Nevertheless, philosophical arguments about what does or does not constitute science continue to play a vital role in persuading biologists that alternative scientific explanations do not and (in the case of nonnaturalistic or nonmaterialistic explanations) can not exist for the origin of biological form and structure. Indeed, demarcation criteria continue to be cited by modern biologists as reasons for disregarding the possibility of intelligent design as a theory of biological origins.12
This essay will examine the in principle case against the scientific status of intelligent design. It will examine several of the methodological criteria that have been advanced as means of distinguishing the scientific status of naturalistic evolutionary theories from nonnaturalistic theories such as intelligent design, special creation, progressive creation and theistic evolution. I will argue that attempts to make distinctions of scientific status a priori on methodological grounds inevitably fail, and instead that a general equivalence of method exists between these two broadly competing approaches to origins. In so doing, I will attempt to shed light on the specific question of whether a scientific theory of intelligent design could be formulated, or whether methodological objections, forever and in principle, render this possibility “self contradictory nonsense” as Ruse, Stent, Gould and others have claimed (of, at least, scientific creationism).13 Throughout this paper, I will use the alliterative terms “design” and “descent” as a convenient shorthand to distinguish (a) theories that invoke the efficient causal action of an intelligent agent (whether divine or otherwise) as part of the explanation for the origin of biological form and complexity, from (b) theories (such as Darwin's “descent with modification”) that rely exclusively on naturalistic processes to explain the origin of biological form and complexity.14
By way of qualification, it should be noted that by defending the methodological and scientific legitimacy of intelligent design, this chapter is not seeking to rehabilitate the empirically inadequate biology of many nineteenth-century creationists or their belief in the absolute fixity of species; nor is it attempting to endorse modern young-earth geology. The following analysis concerns the methodological legitimacy of “design” in principle as defined above, not the empirical adequacy of specific theories that might invoke intelligent design in the process of making other empirical claims.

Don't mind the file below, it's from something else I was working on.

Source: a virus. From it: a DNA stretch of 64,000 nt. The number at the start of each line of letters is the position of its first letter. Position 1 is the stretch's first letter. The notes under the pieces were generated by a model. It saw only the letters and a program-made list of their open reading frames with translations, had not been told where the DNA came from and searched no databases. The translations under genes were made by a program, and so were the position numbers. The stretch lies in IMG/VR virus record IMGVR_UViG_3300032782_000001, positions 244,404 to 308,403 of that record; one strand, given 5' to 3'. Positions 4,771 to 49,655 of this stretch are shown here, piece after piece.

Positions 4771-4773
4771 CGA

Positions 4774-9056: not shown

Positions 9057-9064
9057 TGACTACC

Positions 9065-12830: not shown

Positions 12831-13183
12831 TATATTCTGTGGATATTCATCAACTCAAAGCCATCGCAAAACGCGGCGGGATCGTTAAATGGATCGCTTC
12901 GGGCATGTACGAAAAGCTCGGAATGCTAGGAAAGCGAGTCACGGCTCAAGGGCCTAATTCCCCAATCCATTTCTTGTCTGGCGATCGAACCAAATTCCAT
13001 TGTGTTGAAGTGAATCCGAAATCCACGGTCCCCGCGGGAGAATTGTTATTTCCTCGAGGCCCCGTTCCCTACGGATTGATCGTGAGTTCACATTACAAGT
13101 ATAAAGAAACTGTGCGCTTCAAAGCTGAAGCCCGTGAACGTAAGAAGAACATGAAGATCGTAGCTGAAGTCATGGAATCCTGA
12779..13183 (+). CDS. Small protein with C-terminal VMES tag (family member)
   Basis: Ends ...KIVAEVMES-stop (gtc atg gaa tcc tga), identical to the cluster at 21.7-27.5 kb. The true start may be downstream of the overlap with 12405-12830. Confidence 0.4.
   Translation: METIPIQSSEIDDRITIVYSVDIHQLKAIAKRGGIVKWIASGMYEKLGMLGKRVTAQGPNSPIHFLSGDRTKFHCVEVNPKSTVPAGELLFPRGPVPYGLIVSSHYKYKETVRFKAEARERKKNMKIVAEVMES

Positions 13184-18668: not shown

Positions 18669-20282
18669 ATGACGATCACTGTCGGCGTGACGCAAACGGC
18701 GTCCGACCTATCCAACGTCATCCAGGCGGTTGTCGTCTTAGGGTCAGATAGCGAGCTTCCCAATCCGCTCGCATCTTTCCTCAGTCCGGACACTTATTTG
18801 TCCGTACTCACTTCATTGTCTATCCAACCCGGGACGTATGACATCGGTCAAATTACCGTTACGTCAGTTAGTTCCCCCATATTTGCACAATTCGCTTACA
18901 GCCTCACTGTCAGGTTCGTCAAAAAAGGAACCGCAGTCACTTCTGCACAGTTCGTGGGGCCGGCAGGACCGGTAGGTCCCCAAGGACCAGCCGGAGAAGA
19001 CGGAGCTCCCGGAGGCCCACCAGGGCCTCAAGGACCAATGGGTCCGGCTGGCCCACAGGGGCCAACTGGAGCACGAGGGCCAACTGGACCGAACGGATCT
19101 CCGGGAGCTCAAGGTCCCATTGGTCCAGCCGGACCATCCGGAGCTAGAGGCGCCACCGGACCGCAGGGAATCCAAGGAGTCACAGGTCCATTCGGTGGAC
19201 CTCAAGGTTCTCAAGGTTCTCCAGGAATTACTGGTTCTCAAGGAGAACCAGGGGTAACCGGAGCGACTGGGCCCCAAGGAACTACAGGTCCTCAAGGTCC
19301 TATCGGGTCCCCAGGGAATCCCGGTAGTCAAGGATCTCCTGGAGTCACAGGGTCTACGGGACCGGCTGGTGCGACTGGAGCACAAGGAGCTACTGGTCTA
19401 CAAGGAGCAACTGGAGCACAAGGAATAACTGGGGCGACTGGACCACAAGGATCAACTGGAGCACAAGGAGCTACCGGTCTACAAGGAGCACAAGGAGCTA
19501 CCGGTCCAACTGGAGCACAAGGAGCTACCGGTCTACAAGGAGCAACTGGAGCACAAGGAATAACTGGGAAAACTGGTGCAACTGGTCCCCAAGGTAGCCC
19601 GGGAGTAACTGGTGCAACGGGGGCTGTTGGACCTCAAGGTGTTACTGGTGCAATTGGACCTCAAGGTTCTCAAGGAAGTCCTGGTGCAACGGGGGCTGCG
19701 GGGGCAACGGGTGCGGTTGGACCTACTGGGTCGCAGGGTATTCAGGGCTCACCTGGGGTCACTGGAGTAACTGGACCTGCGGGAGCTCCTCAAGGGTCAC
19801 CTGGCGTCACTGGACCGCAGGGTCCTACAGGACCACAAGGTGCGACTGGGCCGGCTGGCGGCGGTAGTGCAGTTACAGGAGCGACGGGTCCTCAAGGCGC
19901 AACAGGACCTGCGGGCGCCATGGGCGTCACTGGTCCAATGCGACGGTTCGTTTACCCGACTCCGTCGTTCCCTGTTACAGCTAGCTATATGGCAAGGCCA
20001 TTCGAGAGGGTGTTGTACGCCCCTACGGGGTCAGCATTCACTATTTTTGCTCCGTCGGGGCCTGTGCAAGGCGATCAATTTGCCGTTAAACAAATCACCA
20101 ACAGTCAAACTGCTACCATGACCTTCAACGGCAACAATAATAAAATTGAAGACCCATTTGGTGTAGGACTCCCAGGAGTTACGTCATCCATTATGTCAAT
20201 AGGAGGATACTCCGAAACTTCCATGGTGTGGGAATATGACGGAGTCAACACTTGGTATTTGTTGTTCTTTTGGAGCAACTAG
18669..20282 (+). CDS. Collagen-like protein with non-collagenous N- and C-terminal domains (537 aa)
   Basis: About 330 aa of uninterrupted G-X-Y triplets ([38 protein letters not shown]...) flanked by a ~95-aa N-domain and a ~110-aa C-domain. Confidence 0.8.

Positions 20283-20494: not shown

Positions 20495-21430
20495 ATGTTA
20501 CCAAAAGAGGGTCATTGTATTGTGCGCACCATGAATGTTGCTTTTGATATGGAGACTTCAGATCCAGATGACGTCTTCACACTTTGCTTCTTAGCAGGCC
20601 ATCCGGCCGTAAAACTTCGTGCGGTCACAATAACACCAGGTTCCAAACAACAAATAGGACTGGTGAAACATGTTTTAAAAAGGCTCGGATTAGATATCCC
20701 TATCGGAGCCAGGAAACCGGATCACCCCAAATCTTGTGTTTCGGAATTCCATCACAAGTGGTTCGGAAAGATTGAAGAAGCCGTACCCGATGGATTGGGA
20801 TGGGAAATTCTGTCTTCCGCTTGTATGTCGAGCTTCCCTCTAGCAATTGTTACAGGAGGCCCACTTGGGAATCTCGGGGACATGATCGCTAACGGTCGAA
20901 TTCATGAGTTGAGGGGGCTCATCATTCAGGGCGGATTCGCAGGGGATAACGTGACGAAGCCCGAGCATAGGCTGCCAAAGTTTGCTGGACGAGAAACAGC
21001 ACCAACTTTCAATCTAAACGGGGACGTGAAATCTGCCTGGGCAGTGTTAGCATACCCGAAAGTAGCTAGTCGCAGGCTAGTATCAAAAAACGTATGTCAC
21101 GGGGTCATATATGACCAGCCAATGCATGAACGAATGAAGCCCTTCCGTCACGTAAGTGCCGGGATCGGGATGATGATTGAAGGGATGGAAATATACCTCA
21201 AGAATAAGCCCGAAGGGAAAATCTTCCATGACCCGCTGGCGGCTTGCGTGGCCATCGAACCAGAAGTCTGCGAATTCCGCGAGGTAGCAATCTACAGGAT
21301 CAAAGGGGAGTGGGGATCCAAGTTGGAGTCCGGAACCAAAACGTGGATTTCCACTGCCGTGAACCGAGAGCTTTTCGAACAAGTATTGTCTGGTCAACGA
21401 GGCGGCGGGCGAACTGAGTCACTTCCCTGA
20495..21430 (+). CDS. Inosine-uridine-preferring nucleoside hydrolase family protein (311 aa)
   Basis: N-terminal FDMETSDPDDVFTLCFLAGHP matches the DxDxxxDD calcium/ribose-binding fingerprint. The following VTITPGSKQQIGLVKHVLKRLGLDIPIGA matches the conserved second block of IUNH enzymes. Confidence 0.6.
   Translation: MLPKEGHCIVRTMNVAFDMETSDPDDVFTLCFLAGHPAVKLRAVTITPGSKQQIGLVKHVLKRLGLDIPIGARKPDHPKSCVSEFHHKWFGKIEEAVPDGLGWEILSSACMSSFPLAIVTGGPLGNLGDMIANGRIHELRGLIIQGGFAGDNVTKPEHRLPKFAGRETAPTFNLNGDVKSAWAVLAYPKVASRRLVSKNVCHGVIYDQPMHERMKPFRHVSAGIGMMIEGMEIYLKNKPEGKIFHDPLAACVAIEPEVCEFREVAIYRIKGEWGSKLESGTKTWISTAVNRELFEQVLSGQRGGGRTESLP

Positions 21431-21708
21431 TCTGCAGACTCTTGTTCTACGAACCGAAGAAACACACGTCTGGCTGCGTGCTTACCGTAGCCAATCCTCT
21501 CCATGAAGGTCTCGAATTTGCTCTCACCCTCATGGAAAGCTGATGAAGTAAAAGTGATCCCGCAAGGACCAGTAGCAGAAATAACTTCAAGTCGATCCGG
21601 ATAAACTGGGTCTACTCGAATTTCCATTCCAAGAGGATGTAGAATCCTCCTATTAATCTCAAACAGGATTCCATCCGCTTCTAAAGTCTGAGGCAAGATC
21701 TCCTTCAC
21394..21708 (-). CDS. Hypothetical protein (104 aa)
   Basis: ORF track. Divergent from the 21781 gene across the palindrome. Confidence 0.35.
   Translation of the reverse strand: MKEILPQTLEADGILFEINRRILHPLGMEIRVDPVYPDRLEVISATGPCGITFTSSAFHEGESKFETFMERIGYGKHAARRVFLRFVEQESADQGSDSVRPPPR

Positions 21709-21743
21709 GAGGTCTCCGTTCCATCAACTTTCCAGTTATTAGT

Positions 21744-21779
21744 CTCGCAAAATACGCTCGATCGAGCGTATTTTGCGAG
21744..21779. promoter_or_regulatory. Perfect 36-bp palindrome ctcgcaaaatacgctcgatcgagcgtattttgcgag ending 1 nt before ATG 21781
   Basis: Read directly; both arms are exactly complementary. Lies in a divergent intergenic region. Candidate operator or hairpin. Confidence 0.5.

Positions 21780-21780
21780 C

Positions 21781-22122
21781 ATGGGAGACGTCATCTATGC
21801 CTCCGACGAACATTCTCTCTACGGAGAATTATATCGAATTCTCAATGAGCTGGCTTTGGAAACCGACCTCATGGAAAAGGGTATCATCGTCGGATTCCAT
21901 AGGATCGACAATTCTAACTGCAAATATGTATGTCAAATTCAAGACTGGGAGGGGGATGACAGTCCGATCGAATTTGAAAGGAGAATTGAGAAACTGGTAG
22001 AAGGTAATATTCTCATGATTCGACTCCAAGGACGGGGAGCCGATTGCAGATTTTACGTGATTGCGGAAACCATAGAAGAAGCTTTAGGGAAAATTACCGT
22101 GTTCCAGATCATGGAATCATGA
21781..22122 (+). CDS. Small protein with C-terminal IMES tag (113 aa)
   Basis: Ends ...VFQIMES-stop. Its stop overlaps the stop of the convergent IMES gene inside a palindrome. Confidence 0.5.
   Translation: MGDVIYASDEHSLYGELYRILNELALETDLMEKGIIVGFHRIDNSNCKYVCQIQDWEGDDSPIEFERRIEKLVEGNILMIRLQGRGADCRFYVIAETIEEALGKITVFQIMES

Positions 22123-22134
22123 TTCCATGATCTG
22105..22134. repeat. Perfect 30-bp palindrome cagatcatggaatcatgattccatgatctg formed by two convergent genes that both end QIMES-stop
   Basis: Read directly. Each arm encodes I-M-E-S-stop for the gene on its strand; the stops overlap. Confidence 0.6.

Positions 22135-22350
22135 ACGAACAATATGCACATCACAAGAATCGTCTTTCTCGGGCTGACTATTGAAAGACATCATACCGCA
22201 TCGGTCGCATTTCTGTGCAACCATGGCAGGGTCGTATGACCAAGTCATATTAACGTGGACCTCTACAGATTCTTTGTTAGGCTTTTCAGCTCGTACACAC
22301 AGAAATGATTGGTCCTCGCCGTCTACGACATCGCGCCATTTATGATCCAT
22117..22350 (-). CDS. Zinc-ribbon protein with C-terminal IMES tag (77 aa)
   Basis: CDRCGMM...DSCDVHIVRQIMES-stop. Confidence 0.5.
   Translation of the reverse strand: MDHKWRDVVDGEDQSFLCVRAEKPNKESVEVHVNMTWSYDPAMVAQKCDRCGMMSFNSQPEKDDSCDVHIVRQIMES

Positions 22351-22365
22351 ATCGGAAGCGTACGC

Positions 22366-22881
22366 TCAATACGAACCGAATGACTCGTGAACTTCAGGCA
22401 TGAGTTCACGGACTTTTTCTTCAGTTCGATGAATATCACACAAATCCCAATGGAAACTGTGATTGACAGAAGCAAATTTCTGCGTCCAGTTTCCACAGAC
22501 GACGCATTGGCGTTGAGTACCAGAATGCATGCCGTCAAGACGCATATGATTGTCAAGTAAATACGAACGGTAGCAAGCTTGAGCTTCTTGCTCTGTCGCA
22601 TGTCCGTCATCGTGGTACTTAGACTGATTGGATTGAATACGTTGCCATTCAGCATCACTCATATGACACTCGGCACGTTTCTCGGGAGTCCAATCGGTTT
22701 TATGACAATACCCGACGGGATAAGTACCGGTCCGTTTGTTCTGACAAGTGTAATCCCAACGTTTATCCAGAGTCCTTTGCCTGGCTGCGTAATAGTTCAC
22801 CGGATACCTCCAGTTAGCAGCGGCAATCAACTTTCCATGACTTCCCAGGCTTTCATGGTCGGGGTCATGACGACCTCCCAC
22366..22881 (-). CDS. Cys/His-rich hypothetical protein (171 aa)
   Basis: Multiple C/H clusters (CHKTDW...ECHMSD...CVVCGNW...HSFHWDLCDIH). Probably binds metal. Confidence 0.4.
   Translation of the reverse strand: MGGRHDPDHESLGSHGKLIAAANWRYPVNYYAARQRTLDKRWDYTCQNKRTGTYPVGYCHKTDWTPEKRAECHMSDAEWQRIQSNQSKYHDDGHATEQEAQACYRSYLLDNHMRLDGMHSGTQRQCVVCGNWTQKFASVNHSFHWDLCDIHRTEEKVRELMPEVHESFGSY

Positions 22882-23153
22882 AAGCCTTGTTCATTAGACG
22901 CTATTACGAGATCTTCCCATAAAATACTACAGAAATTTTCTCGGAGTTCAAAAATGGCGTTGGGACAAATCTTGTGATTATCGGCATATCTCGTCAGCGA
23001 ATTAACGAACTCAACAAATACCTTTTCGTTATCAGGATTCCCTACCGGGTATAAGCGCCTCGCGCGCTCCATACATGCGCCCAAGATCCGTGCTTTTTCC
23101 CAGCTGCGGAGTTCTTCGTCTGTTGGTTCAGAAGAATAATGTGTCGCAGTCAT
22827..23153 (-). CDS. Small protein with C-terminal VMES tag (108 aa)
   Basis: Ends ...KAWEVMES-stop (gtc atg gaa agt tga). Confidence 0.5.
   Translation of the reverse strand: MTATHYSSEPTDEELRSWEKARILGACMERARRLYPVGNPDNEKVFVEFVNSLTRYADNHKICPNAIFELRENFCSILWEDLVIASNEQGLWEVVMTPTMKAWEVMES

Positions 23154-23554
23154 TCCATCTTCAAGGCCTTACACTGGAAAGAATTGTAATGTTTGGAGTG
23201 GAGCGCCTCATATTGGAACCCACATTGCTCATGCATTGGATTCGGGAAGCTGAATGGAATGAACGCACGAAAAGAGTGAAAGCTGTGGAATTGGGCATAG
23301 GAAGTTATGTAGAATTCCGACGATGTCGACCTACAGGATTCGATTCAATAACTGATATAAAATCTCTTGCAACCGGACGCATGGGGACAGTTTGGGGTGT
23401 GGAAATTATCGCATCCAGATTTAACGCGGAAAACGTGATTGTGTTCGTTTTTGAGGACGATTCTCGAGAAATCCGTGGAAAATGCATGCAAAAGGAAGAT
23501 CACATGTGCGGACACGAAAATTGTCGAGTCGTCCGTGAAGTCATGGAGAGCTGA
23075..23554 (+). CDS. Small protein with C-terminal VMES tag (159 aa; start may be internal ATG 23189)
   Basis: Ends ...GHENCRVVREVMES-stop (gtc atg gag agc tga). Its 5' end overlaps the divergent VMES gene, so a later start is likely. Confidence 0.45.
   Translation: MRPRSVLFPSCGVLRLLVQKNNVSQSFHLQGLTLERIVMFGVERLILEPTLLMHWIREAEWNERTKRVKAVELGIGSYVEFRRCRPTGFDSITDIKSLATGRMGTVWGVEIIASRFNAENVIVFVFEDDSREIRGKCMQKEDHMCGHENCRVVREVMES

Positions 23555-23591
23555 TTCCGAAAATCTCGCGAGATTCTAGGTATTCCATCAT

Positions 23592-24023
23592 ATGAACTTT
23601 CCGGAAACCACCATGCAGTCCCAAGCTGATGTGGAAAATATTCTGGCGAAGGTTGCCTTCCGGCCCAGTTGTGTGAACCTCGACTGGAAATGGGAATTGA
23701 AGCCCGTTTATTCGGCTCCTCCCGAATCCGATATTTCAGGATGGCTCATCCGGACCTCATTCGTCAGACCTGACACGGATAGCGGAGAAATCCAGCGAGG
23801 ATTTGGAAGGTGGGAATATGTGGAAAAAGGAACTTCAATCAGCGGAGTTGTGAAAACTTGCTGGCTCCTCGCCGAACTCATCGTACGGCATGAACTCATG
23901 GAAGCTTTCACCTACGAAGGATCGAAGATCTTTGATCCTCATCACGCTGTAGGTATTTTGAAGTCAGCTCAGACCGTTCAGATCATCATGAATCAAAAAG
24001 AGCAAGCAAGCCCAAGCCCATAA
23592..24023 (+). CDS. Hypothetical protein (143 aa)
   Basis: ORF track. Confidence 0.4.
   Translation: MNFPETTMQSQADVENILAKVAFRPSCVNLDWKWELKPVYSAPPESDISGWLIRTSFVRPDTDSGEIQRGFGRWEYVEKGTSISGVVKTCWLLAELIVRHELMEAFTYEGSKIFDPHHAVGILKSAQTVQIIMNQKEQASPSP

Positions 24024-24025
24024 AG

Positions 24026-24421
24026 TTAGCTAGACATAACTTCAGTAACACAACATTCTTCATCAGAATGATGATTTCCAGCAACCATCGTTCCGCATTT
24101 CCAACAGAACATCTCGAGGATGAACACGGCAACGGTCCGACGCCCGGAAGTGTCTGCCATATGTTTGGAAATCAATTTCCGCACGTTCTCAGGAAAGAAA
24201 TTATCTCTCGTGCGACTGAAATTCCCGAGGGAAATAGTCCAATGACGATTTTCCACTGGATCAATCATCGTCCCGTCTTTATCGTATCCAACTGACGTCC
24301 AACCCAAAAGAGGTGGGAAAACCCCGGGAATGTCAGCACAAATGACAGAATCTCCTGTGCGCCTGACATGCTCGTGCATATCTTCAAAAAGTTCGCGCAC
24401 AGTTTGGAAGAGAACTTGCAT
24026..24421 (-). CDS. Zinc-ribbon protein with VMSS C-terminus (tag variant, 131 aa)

The methodological equivalence of intelligent design and naturalistic descent will be suggested in three stages by three lines of argument. First, the reasons for the failure of demarcation arguments within philosophy of science generally will be examined and recapitulated. This analysis will suggest that attempts to distinguish the scientific status of design and descent a priori may well be suspect from the outset on philosophical grounds. Second, an examination of specific demarcation arguments that have been employed against design will follow. It will be argued that not only do these arguments fail, but they do so in such a way as to suggest an equivalence between design and descent with respect to several features of allegedly proper scientific practice—that is, intelligent design and naturalistic descent will be shown equally capable or incapable of meeting different demarcation standards, provided such standards are applied disinterestedly. Third, design and descent will be compared in light of recent work on the logical and methodological character of historical inquiry. This analysis will show that the mode of inquiry utilized by advocates of both design and descent conforms closely to that evident in many other characteristically historical disciplines. Thus a more fundamental methodological equivalence between design and descent will emerge as a result of methodological analysis of the historical sciences.
Part 1: The General Failure of Demarcation Arguments
To show that design "can never be considered a scientific pursuit,"15 biologists and others have asserted that design does not meet certain objective criteria of scientific method or practice. In short, biologists have employed so-called demarcation arguments to separate a scientific approach to origins (descent) from an allegedly nonscientific approach (design). While an examination of the particular criteria employed in such arguments will not concern us in the first part of this chapter, the general practice of demarcation will.
From the standpoint of the philosophy of science, the use of demarcation arguments is generally problematic. Historically, attempts to find methodological "invariants" that provide a set of necessary and sufficient conditions for distinguishing true science from pseudoscience have failed.16 Moreover, most current demarcation arguments presuppose an understanding of how science operates that reflects the influence of a philosophy of science known as logical positivism. Yet since the 1950s philosophers of science have decisively rejected positivism for a number of very good reasons (see below). As a result, the enterprise of demarcation has generally fallen into disrepute among philosophers of science.
In his essay "The Demise of the Demarcation Problem," philosopher of science Larry Laudan gives a brief but thorough sketch of the different grounds that have been advanced during the history of science for distinguishing science from nonscience.17 He notes that the first such grounds concerned the degree of certainty associated with scientific knowledge. Science, it was thought, could be distinguished from nonscience because science produced certainty whereas other types of inquiry such as philosophy produced opinion. Yet this approach to demarcation ran into difficulties as scientists and philosophers gradually realized the fallible nature of scientific disciplines and theories. Unlike mathematicians, scientists rarely provide strict logical demonstrations (deductive proofs) to justify their theories. Instead, scientific arguments often utilize inductive inference and predictive testing, neither of which produces certainty. As Owen Gingerich has argued, much of the reason for Galileo's conflict with the Vatican stemmed from Galileo's inability to meet scholastic standards of deductive certainty a standard that he regarded as neither relevant to nor attainable by scientific reasoning.18 Similar episodes subsequently made it clear that science does not necessarily possess a superior epistemic status; scientific knowledge, like other knowledge, is subject to uncertainty.